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Minoan Chronology Reviewed

  • R. W. Hutchinson
Extract

The system of Minoan chronology proposed by the late Sir Arthur Evans remained almost unchallenged for many years. The first hint that it might not be equally valid for all sites in Crete was given by the excavations of Dr Joseph Hazzidakis at Tylisos where he found three archaeological strata, the first corresponding to Evans’ Early Minoan I, II and III and Middle Minoan Ia, the second to M.M. Ib, M.M. II, M.M. III and L.M. I and the third to Late Minoan III. On the basis of this M. L. Franchet proposed a new classification consisting of Early Neolithic (representing a site examined by Franchet himself), Late Neolithic, Bronze I, II, III and IV and Iron Age. This was tacitly ignored by most scholars, partly because the author was an authority on ceramics rather than on Aegean prehistory, partly because of the cavalier fashion in which this theory had been expressed. That Franchet’s opinions were not entirely without substance, however, was demonstrated later by L. Åberg in the far more serious and detailed criticism of Evans’ chronology expounded in his Bronze-zeitliche und Fruheisenzeitliche Chronologie, where he divided Evans’ Minoan periods into Pre-Palatial (E.M. I to M.M. Ia), Early Palatial (M.M. Ib to pre-earthquake M.M. IIIb) and Late Minoan or Late Palatial (including Evans’ post-earthquake M.M. IIIb). Within these three periods Åberg considered the various stylistic subdivisions to be contemporary. Åberg’s complaint that the earlier periods were not well stratified at Knosos was replied to by Pendlebury who in his Archaeology of Crete, published in 1939, tabulated significant and unmixed deposits at Knosos of E.M. I, II and III, M.M. ra, M.M. Ib, M.M. IIa, M.M. IIb, M.M. ma and M.M. IIIb pottery. So far Evans’ chronology had been shrewdly attacked but adequately defended so far as Knosos was concerned, though Pendlebury had admitted that certain categories were luxury wares and might be absent from other parts of the island.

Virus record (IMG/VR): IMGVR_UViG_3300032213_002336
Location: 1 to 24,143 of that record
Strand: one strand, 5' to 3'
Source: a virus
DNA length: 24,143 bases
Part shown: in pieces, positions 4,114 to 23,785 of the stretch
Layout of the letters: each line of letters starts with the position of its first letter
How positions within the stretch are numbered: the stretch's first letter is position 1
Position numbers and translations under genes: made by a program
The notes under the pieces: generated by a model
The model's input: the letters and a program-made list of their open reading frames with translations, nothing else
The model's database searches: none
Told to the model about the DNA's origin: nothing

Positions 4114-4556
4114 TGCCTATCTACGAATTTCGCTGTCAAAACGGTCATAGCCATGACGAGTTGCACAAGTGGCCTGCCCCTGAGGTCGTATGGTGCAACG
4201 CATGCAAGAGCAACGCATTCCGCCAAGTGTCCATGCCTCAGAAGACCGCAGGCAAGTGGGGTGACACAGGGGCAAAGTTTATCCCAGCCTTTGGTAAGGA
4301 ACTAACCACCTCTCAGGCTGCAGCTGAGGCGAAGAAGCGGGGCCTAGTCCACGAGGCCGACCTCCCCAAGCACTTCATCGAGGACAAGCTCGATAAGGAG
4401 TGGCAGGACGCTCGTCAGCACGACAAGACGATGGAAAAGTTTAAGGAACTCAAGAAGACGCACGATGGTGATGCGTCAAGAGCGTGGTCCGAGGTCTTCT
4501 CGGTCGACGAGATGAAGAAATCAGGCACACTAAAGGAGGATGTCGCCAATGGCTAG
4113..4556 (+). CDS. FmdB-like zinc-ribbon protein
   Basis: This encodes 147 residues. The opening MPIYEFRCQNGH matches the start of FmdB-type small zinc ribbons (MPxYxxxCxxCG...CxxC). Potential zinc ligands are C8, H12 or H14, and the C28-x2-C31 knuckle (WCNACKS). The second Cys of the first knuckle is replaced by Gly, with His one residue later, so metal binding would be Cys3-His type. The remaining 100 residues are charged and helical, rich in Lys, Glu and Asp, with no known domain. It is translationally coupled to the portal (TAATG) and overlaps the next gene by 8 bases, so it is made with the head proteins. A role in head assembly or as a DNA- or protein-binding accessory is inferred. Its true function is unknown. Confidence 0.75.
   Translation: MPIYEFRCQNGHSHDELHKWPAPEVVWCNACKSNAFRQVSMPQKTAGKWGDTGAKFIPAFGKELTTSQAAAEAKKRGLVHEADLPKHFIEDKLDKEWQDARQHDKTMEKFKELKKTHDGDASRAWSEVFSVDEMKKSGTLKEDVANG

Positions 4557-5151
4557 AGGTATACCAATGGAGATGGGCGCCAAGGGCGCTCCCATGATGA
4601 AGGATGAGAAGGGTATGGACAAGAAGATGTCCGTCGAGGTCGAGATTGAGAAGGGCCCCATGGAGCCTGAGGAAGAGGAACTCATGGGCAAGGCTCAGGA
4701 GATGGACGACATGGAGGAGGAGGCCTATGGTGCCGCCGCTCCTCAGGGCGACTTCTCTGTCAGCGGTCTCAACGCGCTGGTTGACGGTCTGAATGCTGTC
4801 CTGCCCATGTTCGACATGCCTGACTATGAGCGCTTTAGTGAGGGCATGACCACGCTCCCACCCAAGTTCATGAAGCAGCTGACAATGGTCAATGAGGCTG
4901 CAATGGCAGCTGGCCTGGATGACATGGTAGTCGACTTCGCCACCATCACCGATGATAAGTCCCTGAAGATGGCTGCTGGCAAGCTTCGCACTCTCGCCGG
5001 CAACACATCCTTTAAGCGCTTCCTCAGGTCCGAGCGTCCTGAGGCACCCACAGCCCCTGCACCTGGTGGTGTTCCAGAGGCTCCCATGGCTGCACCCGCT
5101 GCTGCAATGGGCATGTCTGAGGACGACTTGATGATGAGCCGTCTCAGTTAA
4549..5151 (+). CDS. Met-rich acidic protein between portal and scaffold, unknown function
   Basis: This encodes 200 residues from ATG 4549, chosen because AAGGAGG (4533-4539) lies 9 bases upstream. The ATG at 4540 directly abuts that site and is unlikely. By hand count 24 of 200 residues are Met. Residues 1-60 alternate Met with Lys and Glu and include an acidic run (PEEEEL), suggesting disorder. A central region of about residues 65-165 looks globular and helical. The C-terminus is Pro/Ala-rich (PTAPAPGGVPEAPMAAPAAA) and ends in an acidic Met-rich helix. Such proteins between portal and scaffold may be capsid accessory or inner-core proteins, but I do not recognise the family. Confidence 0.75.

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1 Tylissos à l’Epoque Minoenne. Introduction. Paris 1921. Both spellings are correct but personally I prefer the ancient varieties, Tylisos and Knosos, to those more current. I must confess, however, that I have spelt Hammurabi and Amenemhat, etc., in current forms.

2 Schaeffer, loc. cit. pp. 30, 31; S. Smith, Alalakh and Chronology and A. J.A. 1945, p. 1 f. Albright, B.A.S.O.R., 1948, p. 126. A. Poebel, I.N.E.S., 1943, pp. 247, 450.

3 V. Milojcič, B.S.A., 1949, p. 300 ff.; Ungnad, W.P.Z., 1949, p. 109; Stock, Analecta Orientalia, 1949.

4 Archaeology of Crete, p. 55, footnote 2.

5 Historia, 1950, Vol. I, No. 2, p. 173 ff.

6 C. F. Smith, Alalakh and A.J.A., 1945, p. 1 f, Albright, Bulletin of the American Schools of Oriental Research, 1948, p. 126. Poebel, Journal of New Eastern Studies 1, p. 247, and 11, p. 565, it should be remarked that all authorities seem to agree that the Khorsabad King List is a reliable document for Assyria, the damaged Nassouhi King List less reliable, and King List A is a reliable document for Babylonia though the exact degrees of liability may be open to question.